Muslims have learned much from Christian church organization, and in Yorubaland many societies have opening up which an the equivalent to Christian sects or denominations. They also run schasis and hospitals and provide othr services such as Christian missions originated.
In some parts of the country where Christians are few they have taken on many Muslim values. For instance, Lenten fast is not really a fast unless it involves no food or drink the entire day. Christians are often ashamed to carry on some traditional practices in public such as drinking home-made beer, eating animals that Muslims do not eat, and wearing only beads and a loincloth while the Muslims wear flowing. robes and a cap or turban. Evangelical Protestant missions have concurred with the Musfims in discouraging such traditional customs.
The Muslim pilgrimage, or hajj, is a colossal event each year. At least 50,000 go, and one year the number exceeded 100,000. The attention of the nation is fixed on every step of the operation and the provisions made for it. Christians, especially Catholics, were not slow in imitating this event by promoting annual pilgrimage to Rome, the Holy Land and Lourdes (usually all of them. The bishops have demanded, and to some extent received similar government assistance in facilitating this pilgrimage.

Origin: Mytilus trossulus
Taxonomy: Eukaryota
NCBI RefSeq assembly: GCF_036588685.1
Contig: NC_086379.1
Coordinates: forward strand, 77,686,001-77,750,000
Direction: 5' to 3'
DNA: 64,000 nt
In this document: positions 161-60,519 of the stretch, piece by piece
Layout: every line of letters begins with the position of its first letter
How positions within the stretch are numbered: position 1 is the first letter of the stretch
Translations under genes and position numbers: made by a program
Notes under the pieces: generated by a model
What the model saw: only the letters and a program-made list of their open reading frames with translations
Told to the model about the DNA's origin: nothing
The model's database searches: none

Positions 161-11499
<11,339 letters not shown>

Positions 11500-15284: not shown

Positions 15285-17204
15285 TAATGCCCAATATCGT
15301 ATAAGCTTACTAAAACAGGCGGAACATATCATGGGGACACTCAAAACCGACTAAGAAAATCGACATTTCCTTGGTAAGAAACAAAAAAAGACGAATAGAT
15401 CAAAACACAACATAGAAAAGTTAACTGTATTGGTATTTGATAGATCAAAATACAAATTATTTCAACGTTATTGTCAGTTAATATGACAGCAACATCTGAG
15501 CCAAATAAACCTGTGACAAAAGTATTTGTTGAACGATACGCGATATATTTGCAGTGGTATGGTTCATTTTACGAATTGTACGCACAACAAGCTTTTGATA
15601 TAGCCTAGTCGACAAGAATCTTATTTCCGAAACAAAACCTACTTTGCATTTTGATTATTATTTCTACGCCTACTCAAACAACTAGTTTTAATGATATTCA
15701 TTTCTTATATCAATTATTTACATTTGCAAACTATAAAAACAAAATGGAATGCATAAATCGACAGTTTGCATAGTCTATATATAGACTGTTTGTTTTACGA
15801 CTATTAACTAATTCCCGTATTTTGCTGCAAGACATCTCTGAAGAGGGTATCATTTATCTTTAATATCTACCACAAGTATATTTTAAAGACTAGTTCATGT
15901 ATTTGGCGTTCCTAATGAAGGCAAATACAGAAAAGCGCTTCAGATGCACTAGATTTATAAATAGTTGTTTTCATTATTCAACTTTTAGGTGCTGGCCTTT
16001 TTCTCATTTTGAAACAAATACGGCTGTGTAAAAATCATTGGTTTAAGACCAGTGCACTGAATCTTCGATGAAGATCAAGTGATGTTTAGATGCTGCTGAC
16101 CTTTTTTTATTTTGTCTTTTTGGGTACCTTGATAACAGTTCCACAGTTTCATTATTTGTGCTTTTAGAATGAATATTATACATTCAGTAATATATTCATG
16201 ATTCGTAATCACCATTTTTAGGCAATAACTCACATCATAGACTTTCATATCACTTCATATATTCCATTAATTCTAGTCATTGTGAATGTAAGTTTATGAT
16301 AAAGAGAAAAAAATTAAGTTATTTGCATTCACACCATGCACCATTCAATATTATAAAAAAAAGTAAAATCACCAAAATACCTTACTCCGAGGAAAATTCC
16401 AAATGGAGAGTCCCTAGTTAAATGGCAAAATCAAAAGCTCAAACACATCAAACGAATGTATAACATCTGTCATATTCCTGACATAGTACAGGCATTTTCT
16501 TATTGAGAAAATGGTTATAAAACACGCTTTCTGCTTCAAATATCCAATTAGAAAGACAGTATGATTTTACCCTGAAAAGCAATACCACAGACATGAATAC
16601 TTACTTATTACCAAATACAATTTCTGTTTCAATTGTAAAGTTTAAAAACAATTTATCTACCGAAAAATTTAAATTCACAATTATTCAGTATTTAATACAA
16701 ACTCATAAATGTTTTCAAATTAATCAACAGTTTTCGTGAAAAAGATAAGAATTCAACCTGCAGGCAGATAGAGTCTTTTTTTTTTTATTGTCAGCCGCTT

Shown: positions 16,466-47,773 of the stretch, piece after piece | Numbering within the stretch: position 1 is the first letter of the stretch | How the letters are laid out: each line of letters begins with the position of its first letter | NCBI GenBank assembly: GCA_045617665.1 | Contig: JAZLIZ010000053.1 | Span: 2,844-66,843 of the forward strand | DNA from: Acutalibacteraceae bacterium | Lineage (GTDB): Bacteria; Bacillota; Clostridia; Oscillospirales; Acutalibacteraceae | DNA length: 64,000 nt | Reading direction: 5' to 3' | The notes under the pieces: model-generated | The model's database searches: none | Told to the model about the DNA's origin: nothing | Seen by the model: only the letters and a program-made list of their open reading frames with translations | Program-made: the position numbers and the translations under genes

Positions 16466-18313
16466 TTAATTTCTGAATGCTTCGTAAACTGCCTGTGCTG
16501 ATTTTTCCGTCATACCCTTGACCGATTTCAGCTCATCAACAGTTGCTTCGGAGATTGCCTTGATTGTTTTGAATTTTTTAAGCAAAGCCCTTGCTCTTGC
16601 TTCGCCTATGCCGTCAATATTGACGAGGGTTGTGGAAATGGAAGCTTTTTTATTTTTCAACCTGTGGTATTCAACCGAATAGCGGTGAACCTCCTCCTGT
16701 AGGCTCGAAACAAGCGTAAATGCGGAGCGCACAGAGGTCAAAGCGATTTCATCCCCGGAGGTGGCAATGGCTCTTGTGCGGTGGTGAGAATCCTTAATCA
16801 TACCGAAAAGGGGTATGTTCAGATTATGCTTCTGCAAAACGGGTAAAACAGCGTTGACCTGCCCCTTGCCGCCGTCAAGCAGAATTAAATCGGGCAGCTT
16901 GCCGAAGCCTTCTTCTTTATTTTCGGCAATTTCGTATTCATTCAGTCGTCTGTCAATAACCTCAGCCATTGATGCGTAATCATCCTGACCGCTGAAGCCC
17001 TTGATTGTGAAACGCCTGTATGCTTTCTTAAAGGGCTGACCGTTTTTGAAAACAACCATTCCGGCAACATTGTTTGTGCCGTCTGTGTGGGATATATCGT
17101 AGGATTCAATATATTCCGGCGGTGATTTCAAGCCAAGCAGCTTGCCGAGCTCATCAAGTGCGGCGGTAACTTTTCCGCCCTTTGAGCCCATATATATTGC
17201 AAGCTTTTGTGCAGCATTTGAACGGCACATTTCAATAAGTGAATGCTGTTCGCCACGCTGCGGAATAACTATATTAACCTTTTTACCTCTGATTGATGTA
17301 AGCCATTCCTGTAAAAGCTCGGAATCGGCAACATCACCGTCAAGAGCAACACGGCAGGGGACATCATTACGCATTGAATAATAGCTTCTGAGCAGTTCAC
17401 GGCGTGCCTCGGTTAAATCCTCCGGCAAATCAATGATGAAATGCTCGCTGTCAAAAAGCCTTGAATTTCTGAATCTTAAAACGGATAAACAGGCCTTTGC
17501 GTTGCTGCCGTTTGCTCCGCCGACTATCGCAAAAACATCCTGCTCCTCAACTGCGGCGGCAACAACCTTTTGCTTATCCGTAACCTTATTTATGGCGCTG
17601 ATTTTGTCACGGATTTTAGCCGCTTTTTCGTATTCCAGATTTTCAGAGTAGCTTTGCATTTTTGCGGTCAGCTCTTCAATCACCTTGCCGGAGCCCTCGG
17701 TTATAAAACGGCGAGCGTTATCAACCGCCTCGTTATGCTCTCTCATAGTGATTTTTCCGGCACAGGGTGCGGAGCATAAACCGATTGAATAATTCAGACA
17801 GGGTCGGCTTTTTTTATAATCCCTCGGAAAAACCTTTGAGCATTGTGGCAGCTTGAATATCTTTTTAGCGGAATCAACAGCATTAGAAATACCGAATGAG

Mutual. influence in the area of beliefs is hard to ascertain, although in a general way then is a sharing of outlook. Muslims unconsciously use many Biblical phrases, such as "a widow's mite" in their conversations and speeches, just as much as a Cluistian will use Arabic phrases, including the Shahâda. as expletives. Some Christians in any trouble go to the mallam for charms or advice; yet just as commonly, or even more so,. Muslims go to healers or healing services of the popular Pentecostal churches. Many are converted in this way. I have not, however, found. Muslims wearing Christian medals and emblems for protection, maybe because these are not available in Protestant or Pentecostal circles.
If future years bring greater sharing of cultural resources, together with toleration of religious differences and cooperation in other areas of life, Nigeria will have taken the lead in the world for good Mushm-Christian relations.
1. For further information and documentation on this section see my article, "Christian Muslim relations in Nigeria", Islamochristiana. Rome 5 (1970), pp. 171-192.
2. Cf. A.D.H. Bivar and P.L. Shinnie, "Old Kanuri capitals," Journal of African History, 3:1 (1962), 1-10.
3. Joao de Barros, Asia, Dec. I, lihro 3, ch. 4 (Lisbon, 1945), p. 90 ff.